I know how it feels to be emptied out of life, of joy, of inspiration. I know a lot of us share this feeling of being stuck, catatonic or paralyzed by fear that we have come to know through terrible and very mundane everyday experiences. A lot of times I can detect where in my body does this feeling choose to reside. The lump of air at the back of my throat, a sharp tinge at the right side of my neck, my clenching teeth, hot tears, in bed, very soft and cold and cuddly. Whatever the feeling is, I have come to know the name of this thing that keeps on revealing itself in many different ways. Trauma. And then there is this other thing that also hurts and wants release. This thing that favors our strength and sees our beauty in very mundane, very strange and very secretly splendid moments spurting sporadically throughout a good time.
“Our mothers and grandmothers, some of them: moving to music not yet written. And they waited. They waited for a day when the unknown thing that was in them would be made known; but guessed, somehow in their darkness, that on the day of their revelation they would be long dead.
…For these grandmothers and mothers of ours were not Saints, but Artists; driven to a numb and bleeding madness by the springs of creativity in them for which there was no release. They were Creators, who lived lives of spiritual waste, because they were so rich in spirituality-which is the basis of Art-that the strain of enduring their unused and unwanted talent drove them insane. Throwing away this spirituality was their pathetic attempt to lighten the soul to a weight their work-worn, sexually abused bodies could bear.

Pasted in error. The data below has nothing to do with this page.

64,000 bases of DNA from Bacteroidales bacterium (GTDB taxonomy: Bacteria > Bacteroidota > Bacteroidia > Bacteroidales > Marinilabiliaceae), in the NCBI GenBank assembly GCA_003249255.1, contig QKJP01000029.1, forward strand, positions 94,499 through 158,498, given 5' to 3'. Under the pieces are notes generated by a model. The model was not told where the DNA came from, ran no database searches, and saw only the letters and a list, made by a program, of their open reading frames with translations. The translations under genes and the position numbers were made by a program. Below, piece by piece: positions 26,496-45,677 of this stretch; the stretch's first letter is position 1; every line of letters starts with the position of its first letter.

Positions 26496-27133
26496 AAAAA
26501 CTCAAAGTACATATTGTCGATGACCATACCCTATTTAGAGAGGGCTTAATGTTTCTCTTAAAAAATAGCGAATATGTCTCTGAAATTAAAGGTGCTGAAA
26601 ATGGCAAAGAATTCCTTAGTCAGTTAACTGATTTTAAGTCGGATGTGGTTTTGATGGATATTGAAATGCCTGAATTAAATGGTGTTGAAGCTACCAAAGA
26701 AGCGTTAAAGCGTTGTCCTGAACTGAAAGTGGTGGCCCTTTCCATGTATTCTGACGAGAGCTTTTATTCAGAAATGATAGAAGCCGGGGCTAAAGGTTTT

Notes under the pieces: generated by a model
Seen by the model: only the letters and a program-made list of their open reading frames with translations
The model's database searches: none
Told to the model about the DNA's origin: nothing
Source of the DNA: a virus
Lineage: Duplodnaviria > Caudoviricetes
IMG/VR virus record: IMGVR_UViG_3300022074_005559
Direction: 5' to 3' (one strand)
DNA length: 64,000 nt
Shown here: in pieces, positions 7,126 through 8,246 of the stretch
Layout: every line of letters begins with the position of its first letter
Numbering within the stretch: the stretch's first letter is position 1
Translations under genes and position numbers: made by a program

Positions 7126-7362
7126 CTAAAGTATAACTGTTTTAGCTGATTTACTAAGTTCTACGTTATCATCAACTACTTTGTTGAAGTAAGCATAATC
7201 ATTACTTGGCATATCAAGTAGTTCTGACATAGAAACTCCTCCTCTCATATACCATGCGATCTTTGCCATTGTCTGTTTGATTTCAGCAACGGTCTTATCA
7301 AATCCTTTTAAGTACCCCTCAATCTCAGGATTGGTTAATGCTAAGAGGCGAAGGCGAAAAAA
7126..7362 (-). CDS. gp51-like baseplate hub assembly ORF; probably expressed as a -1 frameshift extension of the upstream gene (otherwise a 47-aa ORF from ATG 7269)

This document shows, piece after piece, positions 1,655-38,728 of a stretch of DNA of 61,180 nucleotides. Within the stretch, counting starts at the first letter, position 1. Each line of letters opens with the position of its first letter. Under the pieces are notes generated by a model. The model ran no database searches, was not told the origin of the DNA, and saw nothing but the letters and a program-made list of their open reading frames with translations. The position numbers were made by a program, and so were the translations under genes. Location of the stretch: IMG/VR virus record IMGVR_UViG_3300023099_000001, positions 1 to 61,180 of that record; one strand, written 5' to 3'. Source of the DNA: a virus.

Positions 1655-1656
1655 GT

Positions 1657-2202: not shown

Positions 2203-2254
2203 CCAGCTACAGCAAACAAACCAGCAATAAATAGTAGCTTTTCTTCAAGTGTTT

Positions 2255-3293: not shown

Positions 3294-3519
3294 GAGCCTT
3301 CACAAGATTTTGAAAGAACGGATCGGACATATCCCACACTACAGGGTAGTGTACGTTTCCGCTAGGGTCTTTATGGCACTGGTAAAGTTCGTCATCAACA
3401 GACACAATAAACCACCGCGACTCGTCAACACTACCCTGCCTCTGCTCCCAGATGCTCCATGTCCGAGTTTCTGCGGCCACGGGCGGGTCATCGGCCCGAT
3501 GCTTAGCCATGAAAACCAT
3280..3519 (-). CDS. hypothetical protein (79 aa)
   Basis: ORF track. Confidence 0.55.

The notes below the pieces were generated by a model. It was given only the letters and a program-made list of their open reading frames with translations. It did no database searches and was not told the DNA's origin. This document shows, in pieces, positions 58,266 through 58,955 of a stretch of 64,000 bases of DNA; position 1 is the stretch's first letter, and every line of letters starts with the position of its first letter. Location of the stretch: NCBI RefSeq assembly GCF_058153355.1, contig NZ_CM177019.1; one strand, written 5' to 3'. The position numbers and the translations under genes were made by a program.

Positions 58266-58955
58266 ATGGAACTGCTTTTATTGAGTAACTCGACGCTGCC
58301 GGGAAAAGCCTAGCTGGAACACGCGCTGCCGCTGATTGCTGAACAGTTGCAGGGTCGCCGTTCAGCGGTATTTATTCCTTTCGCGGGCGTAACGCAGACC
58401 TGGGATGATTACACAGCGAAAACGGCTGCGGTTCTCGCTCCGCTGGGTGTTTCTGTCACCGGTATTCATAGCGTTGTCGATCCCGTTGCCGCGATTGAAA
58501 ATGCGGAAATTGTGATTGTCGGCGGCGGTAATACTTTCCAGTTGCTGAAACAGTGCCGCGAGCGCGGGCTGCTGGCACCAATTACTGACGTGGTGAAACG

What did it mean for a black woman to be an artist in our grandmothers’ time? In our great- grandmothers’ day? It is a question with an answer cruel enough to stop the blood.”
– From In Search of Our Mothers’ Gardens by Alice Walker, 1972
What does it mean for a common folk to be an artist in our time? This time, when the ruling class already got their dibs on our world and of its people. What does it mean to feel this rich spirit of creation and magic slowly loosening its grip on your body in exchange for more time to clean, to make food, to commute to and away from work, to survive?
Every time I try to figure out what the future would look like, I come up with very different and very creative scenarios in my head but I don’t have the answers. Every time I feel uninspired and alone, I am reminded how this feeling reflects so much on everybody else that happens to still be alive. And then there are all the other people- dead and killed; just yesterday, a few weeks ago, last year, years before me. How did this spirit of creation and magic flow through them? How did they care for those moments of recognition of a full self? I do not have the answer but I know that I carry with me the same wants and dreams that they have. We all share and continue what was left for us by everybody else that already went away. We carry them and we carry each other whether we are aware of it or not. I’m not sure that I am coming across clearly to you but what I mean to do with this thing and this moment is to recognize that my creativity is not mine alone. That the time and the circumstance from where I stand is a shared position and insight. My work, my income, my resources are not only for me. And if I want to be part of the future I should start shaping its existence everyday through small, attainable ways. I share my creativity and hopefulness and resources not just to the people in close proximity to my world but more to the people who I recognize to be experts in taking care of everybody else. I will forever be inspired and be indebted by the real bearers of creativity and culture. Our mothers, our fathers, our farmers, our workers.